Jake: God, you must have been the worst fourth-grader ever.
    Amy: (smug) Joke's on you, I skipped fourth grade.
  • Richard Castle is this trope in spades. He sets up laser tag in his house, plays with remote-controlled helicopters and other toys, buys property on the moon, and often has to be put in line by his teenage daughter. However he is capable of acting maturely, he generally just chooses not to.
  • Buffy the Vampire Slayer has Xander Harris. He sometimes behaves like a child and comes very immature. In a sequel in the third season, an enchanted chocolate is distributed in Sunnydale, which mentally brings the adults back to the level of children and teenagers. Xander says he does not feel any change even after three plates of chocolate.
    • The villains from the sixth season, Warren, Johnathan, and Andrew are simply nerds who have decided to be evil for fun. The three often behave like children in their performances, starting in an episode of the actor who was the best James Bond. In another episode, Andrew paints a picture of the very conspicuous Death Star on the car of the three, with whom they want to observe Buffy. All three always make references to pop culture, and argue like children.
  • The Christmas That Almost Wasn't: Prune exhibits this, even before rediscovering his forgotten childhood. He's extremely petty in his actions and outlook, even breaking toys and blaming it on Santa so the rent money all goes to repairs.
  • Morgan Grimes of Chuck has strong shades of this in the first two seasons, although around the time he gets promoted to assistant manager of the store he finally begins growing up. He never completely abandons his love of video games, comic books, toys, and other such interests, but his maturity level from season 3 onward is strikingly higher compared to the beginning of the series.
  • Iron Fist is stunted emotionally due to his childhood trauma and being taught to suppress his emotions by the monks who raised him. Because of this, he often acts childish in front of his peers (such as switching seats during a meeting so he can sit by Joy), not understanding social norms (such as going into Colleen's dojo to spar), or losing his temper (such as when he fresked out at Ward for his bullying as children).
  • Stephen Colbert's onscreen persona is like this, especially at the Rally to Restore Sanity and/or Fear.
  • Community:
    • Pierce Hawthorne, bordering on Psychopathic Man Child territory.
    • Troy and Abed.
    • Basically the entire cast really.
  • Doctor Who:
    • The First Doctor. He sees himself as a dignified old man but his maturity level is closer to that of a fourteen-year-old: loving showing off to girls, being surly to authority figures, struggling with social skills, incredible self-centredness, gleeful meddling and boundless curiosity (not to mention his somewhat vertical relationship with Ian and Barbara and his incredibly parallel relationship with Vicki). Later canon pretty much states the "old man" aspects of his character were actually just a childlike attempt to look important. All this said, all of his later incarnations trust him to the point of seeing him as an authority over them.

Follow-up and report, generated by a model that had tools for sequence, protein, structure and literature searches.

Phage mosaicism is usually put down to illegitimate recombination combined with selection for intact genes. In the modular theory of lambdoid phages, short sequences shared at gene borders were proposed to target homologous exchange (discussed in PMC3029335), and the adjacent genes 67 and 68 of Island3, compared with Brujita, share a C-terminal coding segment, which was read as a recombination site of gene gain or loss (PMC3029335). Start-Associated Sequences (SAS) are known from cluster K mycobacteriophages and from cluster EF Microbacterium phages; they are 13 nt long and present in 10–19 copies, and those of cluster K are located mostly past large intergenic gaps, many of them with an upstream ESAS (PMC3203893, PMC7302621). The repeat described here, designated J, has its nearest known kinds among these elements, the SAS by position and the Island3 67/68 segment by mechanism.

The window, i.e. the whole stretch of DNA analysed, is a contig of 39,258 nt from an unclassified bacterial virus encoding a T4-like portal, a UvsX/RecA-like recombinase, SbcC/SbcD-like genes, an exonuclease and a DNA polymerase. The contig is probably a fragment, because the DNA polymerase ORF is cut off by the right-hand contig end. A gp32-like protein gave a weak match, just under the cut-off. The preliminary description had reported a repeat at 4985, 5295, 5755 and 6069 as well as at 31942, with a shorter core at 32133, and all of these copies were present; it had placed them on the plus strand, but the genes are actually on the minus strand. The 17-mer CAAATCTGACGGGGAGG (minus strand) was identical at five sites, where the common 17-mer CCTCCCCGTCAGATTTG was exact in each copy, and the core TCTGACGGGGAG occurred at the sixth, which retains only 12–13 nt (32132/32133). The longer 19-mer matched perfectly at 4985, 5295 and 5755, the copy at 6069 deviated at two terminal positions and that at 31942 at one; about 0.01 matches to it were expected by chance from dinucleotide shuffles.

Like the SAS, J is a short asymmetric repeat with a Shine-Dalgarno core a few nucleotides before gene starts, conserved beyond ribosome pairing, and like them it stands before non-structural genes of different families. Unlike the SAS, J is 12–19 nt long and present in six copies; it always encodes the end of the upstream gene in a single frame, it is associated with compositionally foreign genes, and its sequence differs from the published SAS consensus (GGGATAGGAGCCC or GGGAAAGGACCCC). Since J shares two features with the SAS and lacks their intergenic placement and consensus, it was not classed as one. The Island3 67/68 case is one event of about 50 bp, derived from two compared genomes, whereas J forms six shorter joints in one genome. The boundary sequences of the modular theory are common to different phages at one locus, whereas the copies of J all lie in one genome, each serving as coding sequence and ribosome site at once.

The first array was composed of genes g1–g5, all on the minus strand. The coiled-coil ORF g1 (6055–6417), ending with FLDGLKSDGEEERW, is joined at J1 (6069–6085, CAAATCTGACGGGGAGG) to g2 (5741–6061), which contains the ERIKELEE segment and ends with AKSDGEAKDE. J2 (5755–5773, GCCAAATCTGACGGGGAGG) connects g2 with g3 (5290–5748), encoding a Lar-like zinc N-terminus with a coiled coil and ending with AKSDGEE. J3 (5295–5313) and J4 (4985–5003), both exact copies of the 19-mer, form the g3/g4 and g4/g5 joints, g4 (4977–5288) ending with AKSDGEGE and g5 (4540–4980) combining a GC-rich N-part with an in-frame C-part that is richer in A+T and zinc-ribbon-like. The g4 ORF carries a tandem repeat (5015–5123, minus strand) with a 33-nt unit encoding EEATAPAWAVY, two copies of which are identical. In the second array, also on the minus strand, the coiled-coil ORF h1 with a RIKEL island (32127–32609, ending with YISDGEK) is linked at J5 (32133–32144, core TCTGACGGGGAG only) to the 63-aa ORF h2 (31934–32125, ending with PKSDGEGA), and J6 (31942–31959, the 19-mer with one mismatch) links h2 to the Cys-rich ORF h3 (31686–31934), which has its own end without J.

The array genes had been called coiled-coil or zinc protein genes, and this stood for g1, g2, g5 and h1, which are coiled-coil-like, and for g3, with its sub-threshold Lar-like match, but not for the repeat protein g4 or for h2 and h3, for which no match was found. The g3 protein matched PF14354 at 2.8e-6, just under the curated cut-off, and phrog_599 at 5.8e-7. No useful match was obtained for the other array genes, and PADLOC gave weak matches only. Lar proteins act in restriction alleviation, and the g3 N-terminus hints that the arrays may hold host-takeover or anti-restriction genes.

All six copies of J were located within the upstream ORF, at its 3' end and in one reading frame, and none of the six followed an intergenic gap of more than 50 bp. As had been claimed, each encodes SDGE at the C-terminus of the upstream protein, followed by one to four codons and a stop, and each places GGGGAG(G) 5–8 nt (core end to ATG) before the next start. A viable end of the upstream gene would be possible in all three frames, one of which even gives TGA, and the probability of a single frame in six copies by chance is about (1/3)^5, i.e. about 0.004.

• The Fourth Doctor. One of the most dignified, mature and authoritarian Doctors of all — the Third — was immediately followed by probably the most blatantly childish and anti-authoritarian of the lot. He offers everyone sweets, plays with children's toys, doodles cartoons of people he dislikes, loves playing and running around and getting attention, tends to sulk when he can't get his way, and has childish Character Tics that make him bizarrely cute despite being huge and imposing. He's sensitive and vain about his age, constantly lying about it to seem younger. He absolutely detests authority and is willing to go anywhere, do anything to avoid taking orders again.
    • The Eleventh Doctor plays the age card less than previous Doctors did during an argument, and seems to even forget his decrepitude at times. The War Doctor isn't amused: a senile git of a man, Eleven has retreated from his grim past into a world of childlike frivolity. This changes once he saves Gallifrey in "The Day of the Doctor": He pointedly chooses to stay behind and age into an old man on Trenzalore, as if unconsciously deciding to "grow up".
    • The Twelfth Doctor is rude to almost everyone around him, but sometimes shows a more caring side, and when he is alone he spends most of his time brooding. In essence, he is a rebellious teenager in the body of a grown man.
    • The Thirteenth Doctor is as hyperactive and scatterbrained as the Eleventh, and has some very childish tendencies as well, such as stomping her feet when she's angry, jumping up and down when she's excited and pouting when she doesn't get her way.
      The Thirteenth Doctor: [while in a police car] Can we have the lights and siren on?
  • Dollhouse has Topher Brink who, for his mid/late-20-somethingth birthday, creates a buddy to play video games and tag with him. He gets much, much more childlike post-series tragically.